24 April 2016

VA report fails to build confidence (Editorial in my own local newspaper, Fort Collins CO)

Note: I reprint this newspaper's editorial because it is about my local VA clinic, in which I,too, was unable to get timely appointments for a series of orthopedic and oncology issues, and instead sought surgeries elsewhere. It has always been on my mind how much VA has saved by not providing my three hip replacements, six neck and back surgeries, two shoulder surgeries, cancer surgery with subsequent radiation and chemo, It has also been on my mind how financially destructive it would have been on the family if I'd not had other insurance options – I would probably have not sought care for several issues. Are today's veterans forced to those hard choices?
The general public may not know that in many situations, a disabled vet isn't permitted VA medical care and other benefits until VA finishes evaluation his/her claim. That can take years, especially if the claim is first denied and forced into a three to five year appeals delay.That's a long wait when one already has cancer or other issues for which care is sought.
                  If you can get an appointment. I couldn't.

APRIL 24, 2016:

New reports published earlier this month show the Fort Collins Veterans Affairs office blamed its scheduling problems on a single manager in the business office who is no longer with the clinic.
Roughly two years ago, the Coloradoan reported the VA office falsified wait times for local veterans seeking medical care.
Fast forward to earlier this month, and spokesperson Samuel House said, "All appropriate action was taken against the employees."
The Editorial Board struggles with this determination for a number of reasons.
First, we know this problem is widespread. A VA inspector general’s report found it was possible that more than 300,000 veterans nationwide died before their applications, which precede appointments, were processed.
Are we to believe that persistent problems across the country, resulting in an unquantifiable number of delays for care, were isolated to a single person in the Fort Collins office?
In May 2014, the Coloradoan reported staff in Fort Collins was manipulating logs to make it look like they were following the VA’s policy of granting appointments within 14 days of the veterans’ desired dates.
Back in March 2013, the Fort Collins clinic “was having problems with scheduling, employee morale and professionalism, and lack of teamwork between the (medical support assistants)," the report from the federal Office of the Medical Inspector stated. To address those issues, employees were transferred between Cheyenne and Fort Collins, according to the OMI report. The transfers to Fort Collins reported that scheduling in Fort Collins was "fixed" by having staff change appointment dates to be within two weeks of the desired appointment date, an agency goal.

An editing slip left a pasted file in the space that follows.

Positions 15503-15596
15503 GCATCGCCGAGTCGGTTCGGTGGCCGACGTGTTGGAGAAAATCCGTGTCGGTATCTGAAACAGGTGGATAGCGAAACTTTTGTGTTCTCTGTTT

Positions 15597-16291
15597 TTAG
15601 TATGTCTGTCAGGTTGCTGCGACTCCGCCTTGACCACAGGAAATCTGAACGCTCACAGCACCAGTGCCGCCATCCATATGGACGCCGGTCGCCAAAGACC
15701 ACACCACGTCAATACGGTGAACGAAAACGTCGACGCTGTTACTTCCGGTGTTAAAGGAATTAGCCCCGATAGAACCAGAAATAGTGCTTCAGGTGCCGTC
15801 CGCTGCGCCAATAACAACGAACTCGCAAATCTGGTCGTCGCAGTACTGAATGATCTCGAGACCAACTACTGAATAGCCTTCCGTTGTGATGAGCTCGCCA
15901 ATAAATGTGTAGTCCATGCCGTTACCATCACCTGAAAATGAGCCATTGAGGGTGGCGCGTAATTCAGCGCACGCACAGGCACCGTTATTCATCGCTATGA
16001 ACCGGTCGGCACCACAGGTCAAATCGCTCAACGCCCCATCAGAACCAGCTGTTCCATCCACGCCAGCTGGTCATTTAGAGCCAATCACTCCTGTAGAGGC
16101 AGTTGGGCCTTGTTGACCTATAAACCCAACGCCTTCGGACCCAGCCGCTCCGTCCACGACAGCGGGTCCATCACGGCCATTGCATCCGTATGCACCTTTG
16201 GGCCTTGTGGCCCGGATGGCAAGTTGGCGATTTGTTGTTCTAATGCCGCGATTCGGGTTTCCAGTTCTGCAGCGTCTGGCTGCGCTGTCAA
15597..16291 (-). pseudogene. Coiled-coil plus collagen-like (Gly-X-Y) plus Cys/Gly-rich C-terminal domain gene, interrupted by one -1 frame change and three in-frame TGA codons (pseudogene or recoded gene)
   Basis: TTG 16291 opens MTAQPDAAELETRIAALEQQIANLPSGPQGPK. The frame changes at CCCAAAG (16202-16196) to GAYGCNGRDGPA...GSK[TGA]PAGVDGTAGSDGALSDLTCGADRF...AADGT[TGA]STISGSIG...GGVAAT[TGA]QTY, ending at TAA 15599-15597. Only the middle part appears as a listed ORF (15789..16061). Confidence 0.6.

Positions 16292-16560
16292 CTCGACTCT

In the report released earlier this month, the employee who was let go defended her actions, saying "this had no effect on the veterans because they received the same appointment they otherwise would have received. When asked if she thought this was “gaming” the system she replied, 'yes.'"
Again, it’s difficult to believe that just one person orchestrated all adjustments to veterans appointments, therefore creating just a single responsible party for inappropriate wait times.
We should note here that Cynthia McCormack, director of the Cheyenne Veteran Affairs Medical Center, which oversees services in Fort Collins, retired in 2015 after a federal investigation found the Fort Collins clinic falsified wait time records for veterans seeking care. A whistleblower said she was punished for not “cooking the books” and six employees were ultimately punished in the scandal.
But there is this, too: Any and all audits of the scheduling process, workflow and employees that were conducted were done so internally. In the two years since we first learned wait times were being manipulated, the VA has gotten a new director and folks have been called back to Washington, D.C., to testify. But we’ve heard nothing of an independent investigation, which could root out additional problems and ultimately restore confidence in the organization.Sen. Marco Rubio (R-Fla.) and Rep. Jeff Miller (R-Fla.) have asked the Senate Committee on Veterans Affairs to ensure VA accountability and have introduced legislation that they say does so. This is a step in the right direction. We should continue to encourage our elected leaders to call for change at the VA.
David Shulkin, a physician who took over as undersecretary for health at the VA in June, told USA TODAY the agency has increased capacity to get wait times down.
“We’ve expanded appointments, we have added evening hours and weekend hours, we’ve added 3 million square feet of space, we’ve hired 14,000 new providers,” he said.
And yet any great organization is built on the quality of the people working for it. We are left to wonder if real change has occurred locally.
This “story” is more than two years old. In that time, we’ve not seen sufficient evidence the problem is being addressed. So we’re left to wonder: Is care for Northern Colorado veterans continuing to be adversely impacted?

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